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What is a knowledge base

What is a Knowledge Base?

Is your Customer Experience self-service? It should be

Nobody waits for salespeople to get back to them anymore. They want to find the answers themselves without delay. With 60% of customers switching to online shopping, the marketplace for most businesses has changed drastically. In today’s ruthless markets, if you can’t provide a seamless self-service and contactless experiences, there are cracks in your sales funnel.
A customer experience knowledge base finds and eliminates these cracks to make sure potential customers aren’t dropping out of your funnel. When applied to your employees, it drastically reduces resource wastage and streamlines employee processes. So, what is it?

What exactly is a knowledge base?

A knowledge base is a centralised database of procedures that reproduces previously learned information to solve problems.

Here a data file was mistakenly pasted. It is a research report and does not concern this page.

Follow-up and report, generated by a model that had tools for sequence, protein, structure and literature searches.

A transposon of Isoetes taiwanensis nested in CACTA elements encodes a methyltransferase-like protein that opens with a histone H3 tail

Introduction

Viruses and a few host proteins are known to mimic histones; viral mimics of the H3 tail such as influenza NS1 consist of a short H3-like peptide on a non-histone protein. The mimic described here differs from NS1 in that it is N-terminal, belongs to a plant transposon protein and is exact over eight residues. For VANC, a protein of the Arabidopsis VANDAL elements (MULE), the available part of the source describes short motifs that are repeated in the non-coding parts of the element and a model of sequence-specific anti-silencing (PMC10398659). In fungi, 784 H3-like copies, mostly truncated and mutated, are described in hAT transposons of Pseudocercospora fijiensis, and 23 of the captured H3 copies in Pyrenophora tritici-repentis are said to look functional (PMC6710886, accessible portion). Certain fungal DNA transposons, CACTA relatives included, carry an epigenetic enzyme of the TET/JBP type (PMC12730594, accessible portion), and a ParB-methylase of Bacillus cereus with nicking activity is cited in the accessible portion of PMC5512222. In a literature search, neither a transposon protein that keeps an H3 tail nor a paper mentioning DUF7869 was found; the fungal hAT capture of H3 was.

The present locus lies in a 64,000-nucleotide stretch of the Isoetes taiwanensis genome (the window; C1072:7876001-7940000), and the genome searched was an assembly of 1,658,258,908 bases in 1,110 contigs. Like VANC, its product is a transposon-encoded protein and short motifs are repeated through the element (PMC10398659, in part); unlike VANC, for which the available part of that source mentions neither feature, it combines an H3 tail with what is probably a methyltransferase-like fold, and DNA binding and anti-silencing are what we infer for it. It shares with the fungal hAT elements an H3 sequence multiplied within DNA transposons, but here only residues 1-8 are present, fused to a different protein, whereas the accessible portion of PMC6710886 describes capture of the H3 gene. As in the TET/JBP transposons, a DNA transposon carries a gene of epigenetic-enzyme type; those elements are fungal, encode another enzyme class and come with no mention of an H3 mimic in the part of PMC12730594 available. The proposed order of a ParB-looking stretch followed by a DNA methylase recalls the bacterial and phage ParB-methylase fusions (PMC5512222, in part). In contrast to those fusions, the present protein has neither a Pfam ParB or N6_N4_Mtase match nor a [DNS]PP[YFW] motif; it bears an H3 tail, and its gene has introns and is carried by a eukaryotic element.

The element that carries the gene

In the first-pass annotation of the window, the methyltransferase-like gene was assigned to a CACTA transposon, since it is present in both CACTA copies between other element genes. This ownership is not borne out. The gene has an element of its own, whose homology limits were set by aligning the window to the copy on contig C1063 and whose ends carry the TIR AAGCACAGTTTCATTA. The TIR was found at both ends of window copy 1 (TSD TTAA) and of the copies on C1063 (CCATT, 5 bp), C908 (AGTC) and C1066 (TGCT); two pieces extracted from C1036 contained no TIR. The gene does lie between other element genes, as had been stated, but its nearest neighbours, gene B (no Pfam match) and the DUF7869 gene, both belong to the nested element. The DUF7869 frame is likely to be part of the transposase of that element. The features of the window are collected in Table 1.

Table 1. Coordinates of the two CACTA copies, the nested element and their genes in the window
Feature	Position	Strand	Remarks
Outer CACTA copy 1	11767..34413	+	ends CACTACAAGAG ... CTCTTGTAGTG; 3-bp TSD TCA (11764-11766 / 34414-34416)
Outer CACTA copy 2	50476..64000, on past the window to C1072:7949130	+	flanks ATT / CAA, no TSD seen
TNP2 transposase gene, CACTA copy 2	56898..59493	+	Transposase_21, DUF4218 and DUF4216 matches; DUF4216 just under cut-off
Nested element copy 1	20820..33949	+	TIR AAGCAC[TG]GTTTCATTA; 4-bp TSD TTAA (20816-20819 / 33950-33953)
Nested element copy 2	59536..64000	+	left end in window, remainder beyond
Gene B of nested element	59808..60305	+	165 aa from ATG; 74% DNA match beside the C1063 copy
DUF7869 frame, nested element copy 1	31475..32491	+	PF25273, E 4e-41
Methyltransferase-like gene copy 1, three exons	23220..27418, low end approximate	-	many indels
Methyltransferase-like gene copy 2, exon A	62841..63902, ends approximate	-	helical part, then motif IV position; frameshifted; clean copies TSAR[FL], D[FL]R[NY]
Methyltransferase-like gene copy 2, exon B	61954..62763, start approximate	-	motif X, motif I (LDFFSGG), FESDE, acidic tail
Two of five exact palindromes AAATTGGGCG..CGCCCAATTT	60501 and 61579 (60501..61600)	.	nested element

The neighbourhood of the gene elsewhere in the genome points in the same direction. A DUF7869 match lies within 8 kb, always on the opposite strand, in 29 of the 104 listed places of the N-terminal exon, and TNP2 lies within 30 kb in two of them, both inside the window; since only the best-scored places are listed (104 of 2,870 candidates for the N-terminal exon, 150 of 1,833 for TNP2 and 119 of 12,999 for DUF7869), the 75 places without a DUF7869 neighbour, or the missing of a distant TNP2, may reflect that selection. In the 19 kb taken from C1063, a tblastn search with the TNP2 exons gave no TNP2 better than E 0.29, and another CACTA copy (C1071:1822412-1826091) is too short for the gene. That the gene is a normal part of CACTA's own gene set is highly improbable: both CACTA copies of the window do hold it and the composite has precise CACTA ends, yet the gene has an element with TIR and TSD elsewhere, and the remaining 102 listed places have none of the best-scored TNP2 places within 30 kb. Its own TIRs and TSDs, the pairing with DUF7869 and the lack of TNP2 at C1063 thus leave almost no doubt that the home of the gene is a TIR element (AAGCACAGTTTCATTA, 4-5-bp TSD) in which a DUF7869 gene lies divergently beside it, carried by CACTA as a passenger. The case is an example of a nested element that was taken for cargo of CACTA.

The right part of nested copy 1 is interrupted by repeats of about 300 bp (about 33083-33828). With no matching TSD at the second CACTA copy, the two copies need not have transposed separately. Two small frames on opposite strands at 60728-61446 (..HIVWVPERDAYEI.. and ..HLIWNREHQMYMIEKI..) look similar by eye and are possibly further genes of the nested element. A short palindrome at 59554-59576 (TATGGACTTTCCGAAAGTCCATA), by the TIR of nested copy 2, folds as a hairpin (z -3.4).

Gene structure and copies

Knowledge bases gather the solutions to typical customer and employee problems and puts them at their fingertips. When the next person experiences the same problem, they have a prebuilt, self-service solution ready to go.
If you examine a normal day at the office, you’ll notice there are patterns. Maybe it’s as obvious as getting the same sort of query over and over. Maybe you feel frustration over needing to rethink how to handle each issue for new employees every. single. time. Have you ever heard yourself say: “Haven’t we dealt with this problem before? Or How did we do that before?”
Even with customers, are they asking the same questions all the time? For every customer who takes the time to ask you, 2 or 3 don’t and are choosing to go elsewhere.

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What does a knowledge base look like?

A knowledge base is the collection, storage and organization of information that will be important to future stakeholders. It can take any form but the you have probably seen are:

  • Frequently asked questions